The physical setup of an electrochemical cell is relatively simple. The working and counter electrodes sit in an electrochemical solution, and the reference electrode sits in a separate tube within the cell containing the reference solution. The reference electrode tube should be approximately two thirds full - a syringe and needle can be used to add the solution.
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In addition to having holes for each electrode, electrochemical glassware typically has gas intakes to allow for an inert gas (usually nitrogen or argon) to be bubbled through the solution to remove its oxygen. This process is known as degassing.
Degassing is important because molecular oxygen is electrochemically active, and if not removed will create unwanted redox processes. In addition, the products of this reaction (hydrogen peroxide) can also interact with the compound and further interfere with the results of the experiment.
Once the oxygen has been removed, it can be kept out with a continuous stream of inert gas.
Risk of contamination
When preparing an electrochemical cell, it is important to minimise the risk of any contamination with water, as water can form reactive species when reduced or oxidised. This can be done by heating the components in a glassware oven prior to use.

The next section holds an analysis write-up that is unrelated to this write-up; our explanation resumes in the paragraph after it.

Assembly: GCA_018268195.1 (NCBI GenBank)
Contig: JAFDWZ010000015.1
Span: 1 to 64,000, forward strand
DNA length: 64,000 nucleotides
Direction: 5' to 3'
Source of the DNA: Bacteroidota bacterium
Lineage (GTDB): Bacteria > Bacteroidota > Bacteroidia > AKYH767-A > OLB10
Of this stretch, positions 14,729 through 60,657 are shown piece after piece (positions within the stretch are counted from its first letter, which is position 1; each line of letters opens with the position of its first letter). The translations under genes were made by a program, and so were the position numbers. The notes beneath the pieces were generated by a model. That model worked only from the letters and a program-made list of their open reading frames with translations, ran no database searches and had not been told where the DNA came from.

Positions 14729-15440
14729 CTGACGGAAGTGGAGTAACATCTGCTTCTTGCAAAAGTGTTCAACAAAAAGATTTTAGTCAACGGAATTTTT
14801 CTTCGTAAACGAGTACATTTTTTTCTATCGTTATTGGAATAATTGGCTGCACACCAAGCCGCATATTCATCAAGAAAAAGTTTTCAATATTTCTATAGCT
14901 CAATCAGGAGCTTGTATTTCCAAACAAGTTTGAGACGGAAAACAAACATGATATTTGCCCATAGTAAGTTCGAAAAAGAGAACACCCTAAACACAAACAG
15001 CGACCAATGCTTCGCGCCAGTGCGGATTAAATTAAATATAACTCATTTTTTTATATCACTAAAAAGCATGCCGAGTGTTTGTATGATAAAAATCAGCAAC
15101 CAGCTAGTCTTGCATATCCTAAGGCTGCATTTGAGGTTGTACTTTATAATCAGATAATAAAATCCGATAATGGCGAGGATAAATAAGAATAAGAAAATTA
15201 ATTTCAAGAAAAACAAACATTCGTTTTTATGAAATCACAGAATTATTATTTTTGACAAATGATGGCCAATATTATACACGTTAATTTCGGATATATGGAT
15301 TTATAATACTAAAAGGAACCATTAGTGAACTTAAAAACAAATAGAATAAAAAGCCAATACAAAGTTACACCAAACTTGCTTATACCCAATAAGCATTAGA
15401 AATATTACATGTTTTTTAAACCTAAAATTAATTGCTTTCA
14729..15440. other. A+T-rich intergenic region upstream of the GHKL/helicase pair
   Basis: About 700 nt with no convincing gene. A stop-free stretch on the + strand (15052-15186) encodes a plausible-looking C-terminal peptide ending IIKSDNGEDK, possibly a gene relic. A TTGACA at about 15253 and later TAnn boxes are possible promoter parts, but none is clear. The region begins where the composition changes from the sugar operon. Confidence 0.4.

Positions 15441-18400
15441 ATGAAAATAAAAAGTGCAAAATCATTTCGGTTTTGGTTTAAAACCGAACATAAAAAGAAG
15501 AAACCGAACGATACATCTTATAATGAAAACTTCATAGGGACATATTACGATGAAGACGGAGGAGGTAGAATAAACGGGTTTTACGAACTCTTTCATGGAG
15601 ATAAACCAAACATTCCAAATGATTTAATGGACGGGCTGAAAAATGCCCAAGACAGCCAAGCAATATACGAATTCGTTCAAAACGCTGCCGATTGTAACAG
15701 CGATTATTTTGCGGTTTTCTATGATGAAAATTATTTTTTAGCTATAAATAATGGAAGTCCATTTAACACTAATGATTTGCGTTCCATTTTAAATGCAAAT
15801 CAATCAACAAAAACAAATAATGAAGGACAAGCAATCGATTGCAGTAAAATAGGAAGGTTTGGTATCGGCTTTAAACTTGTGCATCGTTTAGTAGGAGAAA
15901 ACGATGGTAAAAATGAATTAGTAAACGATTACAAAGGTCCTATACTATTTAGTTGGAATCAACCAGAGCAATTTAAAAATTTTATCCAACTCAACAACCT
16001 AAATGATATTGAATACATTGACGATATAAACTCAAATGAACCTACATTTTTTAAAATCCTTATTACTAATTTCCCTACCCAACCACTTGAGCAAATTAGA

The electrochemical solution used for cyclic voltammetry typically consists of three components.
- The compound of interest (10-3 – 10-5 M)
- An electrolyte (0.1 M)
- A solvent which dissolves both the compound of interest and the electrolyte
The choice of solvent and electrolyte is dictated by the solubility of the studied chemical (so that it can be dissolved at the concentration needed) and the desired potential range.
Reference tables of the potential range of various solvent and electrolyte pairs are widely available  but these ranges are highly dependent on the purity and dryness of both the electrolyte and solvent. For the best results, choose a high purity solvent and electrolyte and oven dry all components before use.
Be aware when manually purifying and drying your components by standard procedures  that Grubbs purification apparatuses can add undesirable electroactive impurities .
Solvent reference table
A short table of potential ranges is listed below based on the values given by A.J. Bard and L.R. Faulkner . Values are given relative to the Standard Calomel Electrode (SCE) (see choice of reference electrode).
|Electrode||Solvent||Electrolyte||Positive Range Relative to SCE / V||Negative range Relative to SCE / V|
|Pt||Water||1 M H2SO4||+ 1.3||− 0.3|